High currents
High currents are bad as a deep discharge to Li-ion batteries. The two factors are the biggest threats to the life cycle of your batteries.

How can you make lithium-ion batteries last longer?
Here are five tips to help you keep your battery working for long.
· Keep the batteries at room temperature. Whatever, you do, don’t allow their temperature to rise above 25 degrees C or drop below 20 degrees C. The last thing you want to have a lithium-ion battery at full charge exposed to high temperature. Do not, therefore, abandon your mobile phone inside your car when it is hot outside. The heat sucks the life out of your batteries faster than any other factor.
· Get a high capacity battery for a spare. When you have a camera and going on a tour, you may want to get the best by taking every moment. But since some batteries don’t last long, some people want to carry a spare. However, this does not make any difference when it comes to battery life. As mentioned above, lithium-ion batteries degrade, whether in use or not. It is, therefore, better to buy a single-high capacity battery. When buying, ask for one with the most recent date of manufacture. This will give you time to focus on caring for one battery instead of working with so many that don’t make any difference.
· Allow partial discharges. Lithium-ion batteries do not have a charge memory. This is what differentiates them from NiCad batteries in terms of maintenance. Deep discharge is therefore not necessary. Partial-discharge cycles can add more value to your batteries. Experts recommend you start using this approach after 30 charges. A condition called digital memory is created, which in turn decreases the accuracy of the device’s power gauge.
· Avoid deep discharge. The safe discharge voltage for lithium-ion batteries is 2.5V per cell. At this point, the battery opens a safety circuit, making it appear dead. The normal charge will not be of help when the voltage drops beyond this point. You are advised to dispose of such batteries.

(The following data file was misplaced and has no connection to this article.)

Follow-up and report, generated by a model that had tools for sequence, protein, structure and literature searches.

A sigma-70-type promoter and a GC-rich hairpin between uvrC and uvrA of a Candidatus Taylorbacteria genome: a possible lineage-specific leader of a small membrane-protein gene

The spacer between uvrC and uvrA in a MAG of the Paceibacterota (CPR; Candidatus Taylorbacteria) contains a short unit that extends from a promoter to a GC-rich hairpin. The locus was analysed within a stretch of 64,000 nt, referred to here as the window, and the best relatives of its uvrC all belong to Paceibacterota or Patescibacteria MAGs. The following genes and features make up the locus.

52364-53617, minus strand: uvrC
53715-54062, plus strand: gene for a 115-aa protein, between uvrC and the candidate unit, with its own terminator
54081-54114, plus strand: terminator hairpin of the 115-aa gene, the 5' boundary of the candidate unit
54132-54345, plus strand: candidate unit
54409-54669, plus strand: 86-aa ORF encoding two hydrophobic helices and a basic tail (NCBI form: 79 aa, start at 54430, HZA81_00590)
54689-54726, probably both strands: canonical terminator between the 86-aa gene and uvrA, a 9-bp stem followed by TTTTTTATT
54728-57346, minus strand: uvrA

· Discharge to about 40% for extended storage. It is a good idea having an extra Li-ion battery for your laptop. However, oxidation is at its highest when the battery is fully charged. Storing them in such state can mean more harm to battery life. At 40% and at a cool temperature, you can be sure your batteries will last.
Are you killing your lithium-ion batteries?
You might be killing your batteries without knowing. Therefore,
· Are you using or leaving the batteries in hot environments?
· Are you discharging them completely every time you use them?
· Do you leave your batteries to charge beyond normal voltage?
· Do you often drop your battery down?

If yes, then you are killing your Li-ion batteries. You can use the tips we have shared above to avoid this situation.

Final thought
Even though Lithium-ion batteries are huge improve to the previous chemistries, poor usage can make them seem normal. You can get up to 500 charges/discharge cycles with proper approaches. Just consider what we have shared above.